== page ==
Boehner: 'Hateful' remarks hurt immigration reform bid
US House Speaker John Boehner has a Steve King problem -- as does much of their Republican Party.
King, an Iowa congressman, has emerged as the most outspoken opponent of immigration reform in the House of Representatives, arguing it would be heresy to put 11 million undocumented aliens on a pathway to citizenship without first completely securing the border with Mexico.
Following King's latest outburst, Boehner issued a rare, stinging rebuke Thursday.
He said King's rhetoric was impeding efforts by Republicans in the conservative House to pass immigration reform legislation in the wake of the Senate's historic comprehensive bill.
"Representative Steve King made comments that were, I think, deeply offensive and wrong," Boehner said at the top of his weekly briefing.
"There's no place in this debate for hateful or ignorant comments from elected officials," he added.
"What he said does not reflect the values of the American people or the Republican Party."
King said last week that not all "DREAMers" -- immigrants brought as children to the United States illegally by their parents -- should be awarded citizenship, even as House Republicans are warming to that idea as a way to address the millions of people living in the shadows.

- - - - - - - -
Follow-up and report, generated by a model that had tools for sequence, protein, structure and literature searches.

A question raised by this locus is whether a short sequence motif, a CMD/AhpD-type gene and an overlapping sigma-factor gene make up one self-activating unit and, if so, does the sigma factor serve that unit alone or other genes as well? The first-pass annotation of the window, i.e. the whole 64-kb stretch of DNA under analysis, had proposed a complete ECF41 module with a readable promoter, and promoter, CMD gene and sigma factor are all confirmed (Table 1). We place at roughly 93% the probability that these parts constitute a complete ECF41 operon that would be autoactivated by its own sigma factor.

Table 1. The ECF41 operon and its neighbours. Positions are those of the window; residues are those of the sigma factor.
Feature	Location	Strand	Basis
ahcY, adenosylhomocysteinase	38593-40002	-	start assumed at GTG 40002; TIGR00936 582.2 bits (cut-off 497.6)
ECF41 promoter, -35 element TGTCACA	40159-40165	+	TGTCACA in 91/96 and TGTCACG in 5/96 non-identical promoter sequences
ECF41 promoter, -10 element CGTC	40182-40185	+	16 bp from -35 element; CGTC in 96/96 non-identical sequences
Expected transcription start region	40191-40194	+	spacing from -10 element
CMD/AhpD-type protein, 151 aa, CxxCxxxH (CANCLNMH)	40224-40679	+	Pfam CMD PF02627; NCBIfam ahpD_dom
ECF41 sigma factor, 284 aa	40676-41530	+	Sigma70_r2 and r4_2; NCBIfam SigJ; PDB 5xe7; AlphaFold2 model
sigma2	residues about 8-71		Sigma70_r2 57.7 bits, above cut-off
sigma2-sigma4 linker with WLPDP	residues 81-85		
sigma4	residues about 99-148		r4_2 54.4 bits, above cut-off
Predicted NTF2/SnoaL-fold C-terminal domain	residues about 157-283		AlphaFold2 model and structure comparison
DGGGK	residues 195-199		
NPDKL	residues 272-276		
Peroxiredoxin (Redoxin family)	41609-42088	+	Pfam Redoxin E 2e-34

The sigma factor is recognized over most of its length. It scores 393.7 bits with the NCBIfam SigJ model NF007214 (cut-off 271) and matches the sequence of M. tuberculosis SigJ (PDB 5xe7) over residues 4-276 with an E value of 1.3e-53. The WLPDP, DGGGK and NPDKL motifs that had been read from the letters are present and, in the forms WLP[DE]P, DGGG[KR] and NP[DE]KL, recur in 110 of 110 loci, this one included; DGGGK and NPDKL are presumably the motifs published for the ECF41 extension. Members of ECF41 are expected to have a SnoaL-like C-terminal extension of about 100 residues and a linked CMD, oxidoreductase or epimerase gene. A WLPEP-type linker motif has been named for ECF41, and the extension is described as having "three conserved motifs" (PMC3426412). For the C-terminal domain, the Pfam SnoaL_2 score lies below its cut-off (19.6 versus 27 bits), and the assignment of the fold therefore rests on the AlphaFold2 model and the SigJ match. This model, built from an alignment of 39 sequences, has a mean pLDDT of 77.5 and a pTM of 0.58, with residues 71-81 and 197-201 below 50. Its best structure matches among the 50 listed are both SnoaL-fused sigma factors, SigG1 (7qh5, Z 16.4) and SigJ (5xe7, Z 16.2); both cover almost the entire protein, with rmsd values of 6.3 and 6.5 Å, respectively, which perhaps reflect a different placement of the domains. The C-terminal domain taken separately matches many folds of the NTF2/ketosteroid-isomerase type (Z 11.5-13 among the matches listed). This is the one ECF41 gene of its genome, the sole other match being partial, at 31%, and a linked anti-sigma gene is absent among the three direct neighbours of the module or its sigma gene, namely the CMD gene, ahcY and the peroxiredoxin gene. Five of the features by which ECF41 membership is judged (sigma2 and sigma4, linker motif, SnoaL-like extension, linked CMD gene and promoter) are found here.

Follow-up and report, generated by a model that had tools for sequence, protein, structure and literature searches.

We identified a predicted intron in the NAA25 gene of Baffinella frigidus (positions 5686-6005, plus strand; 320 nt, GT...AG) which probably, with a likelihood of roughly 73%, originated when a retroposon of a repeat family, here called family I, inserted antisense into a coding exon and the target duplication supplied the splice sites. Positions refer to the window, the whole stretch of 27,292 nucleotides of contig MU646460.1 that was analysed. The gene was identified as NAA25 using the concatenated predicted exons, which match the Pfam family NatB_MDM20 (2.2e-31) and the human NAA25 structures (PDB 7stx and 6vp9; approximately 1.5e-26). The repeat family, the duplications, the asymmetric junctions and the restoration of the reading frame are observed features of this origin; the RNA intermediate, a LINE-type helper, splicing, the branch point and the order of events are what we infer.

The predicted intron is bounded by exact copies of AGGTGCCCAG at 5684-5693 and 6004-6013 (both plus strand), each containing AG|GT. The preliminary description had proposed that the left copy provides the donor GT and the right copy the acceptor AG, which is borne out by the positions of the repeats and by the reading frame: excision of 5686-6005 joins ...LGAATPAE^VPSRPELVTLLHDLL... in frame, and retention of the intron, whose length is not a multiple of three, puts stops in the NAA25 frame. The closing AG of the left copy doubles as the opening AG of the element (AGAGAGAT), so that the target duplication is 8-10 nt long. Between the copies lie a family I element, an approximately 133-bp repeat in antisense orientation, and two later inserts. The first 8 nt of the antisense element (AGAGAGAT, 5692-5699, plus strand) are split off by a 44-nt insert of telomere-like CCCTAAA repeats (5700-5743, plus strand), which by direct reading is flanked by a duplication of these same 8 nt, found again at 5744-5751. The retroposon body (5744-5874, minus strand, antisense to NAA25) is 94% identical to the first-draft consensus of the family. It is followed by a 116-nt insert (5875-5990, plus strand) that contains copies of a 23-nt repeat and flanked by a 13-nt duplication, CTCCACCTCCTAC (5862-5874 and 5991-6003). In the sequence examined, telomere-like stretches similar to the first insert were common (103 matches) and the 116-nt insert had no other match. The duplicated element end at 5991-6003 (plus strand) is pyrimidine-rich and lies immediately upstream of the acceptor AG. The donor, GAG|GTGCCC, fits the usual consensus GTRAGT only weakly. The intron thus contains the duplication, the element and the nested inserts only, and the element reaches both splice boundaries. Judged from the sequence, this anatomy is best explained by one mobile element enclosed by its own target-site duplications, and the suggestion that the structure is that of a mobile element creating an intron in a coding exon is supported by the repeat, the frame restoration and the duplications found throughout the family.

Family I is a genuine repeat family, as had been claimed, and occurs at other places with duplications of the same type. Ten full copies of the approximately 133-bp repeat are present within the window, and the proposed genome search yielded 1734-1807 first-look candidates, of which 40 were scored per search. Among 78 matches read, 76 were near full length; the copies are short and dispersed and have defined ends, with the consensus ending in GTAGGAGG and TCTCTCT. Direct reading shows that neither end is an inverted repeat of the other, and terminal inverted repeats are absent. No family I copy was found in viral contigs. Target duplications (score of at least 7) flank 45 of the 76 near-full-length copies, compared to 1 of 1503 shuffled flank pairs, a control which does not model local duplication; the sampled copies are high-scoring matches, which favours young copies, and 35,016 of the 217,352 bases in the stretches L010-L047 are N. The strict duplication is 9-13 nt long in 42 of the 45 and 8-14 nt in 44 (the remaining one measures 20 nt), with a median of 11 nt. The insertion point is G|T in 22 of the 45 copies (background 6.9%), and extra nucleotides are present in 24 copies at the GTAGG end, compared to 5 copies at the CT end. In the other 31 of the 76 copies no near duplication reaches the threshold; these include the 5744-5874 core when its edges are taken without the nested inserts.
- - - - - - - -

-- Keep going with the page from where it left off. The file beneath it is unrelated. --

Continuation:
"For every one who's a valedictorian, there's another 100 out there who weigh 130 pounds (59 kilograms) -- and they've got calves the size of cantaloupes because they're hauling 75 pounds of marijuana across the desert," King said.
Boehner roundly criticized the remarks Tuesday, and other influential Republicans in the immigration debate followed suit, including Raul Labrador, who said King was "out of touch with the conference."
Republicans are smarting from their November election loss, when more than seven in 10 Hispanics voted to re-elect President Barack Obama.
Several Republican moderates like Senator Lindsey Graham, who helped craft the Senate bill, have warned that the party needs to do far better in making inroads with Latino voters.
Conservatives in the House have been vocal about opposing the Senate's comprehensive reform bill, which provides a 13-year pathway to citizenship for 11 million undocumented immigrants, tightens border security, and overhauls visa policy.
King's rash comment, though, "does make it more difficult" to succeed in a step-by-step approach, acknowledged Boehner, who has said he wants a bill signed into law this year.
Despite the smack down, King remained defiant Thursday, speaking about the subject at length on the House floor and citing Jesus as someone who "asserted his right to be innocent until proven guilty."
Mexican cartels, he insisted, were sending drugs like cocaine into the United States, "strapped to the bodies... of young girls."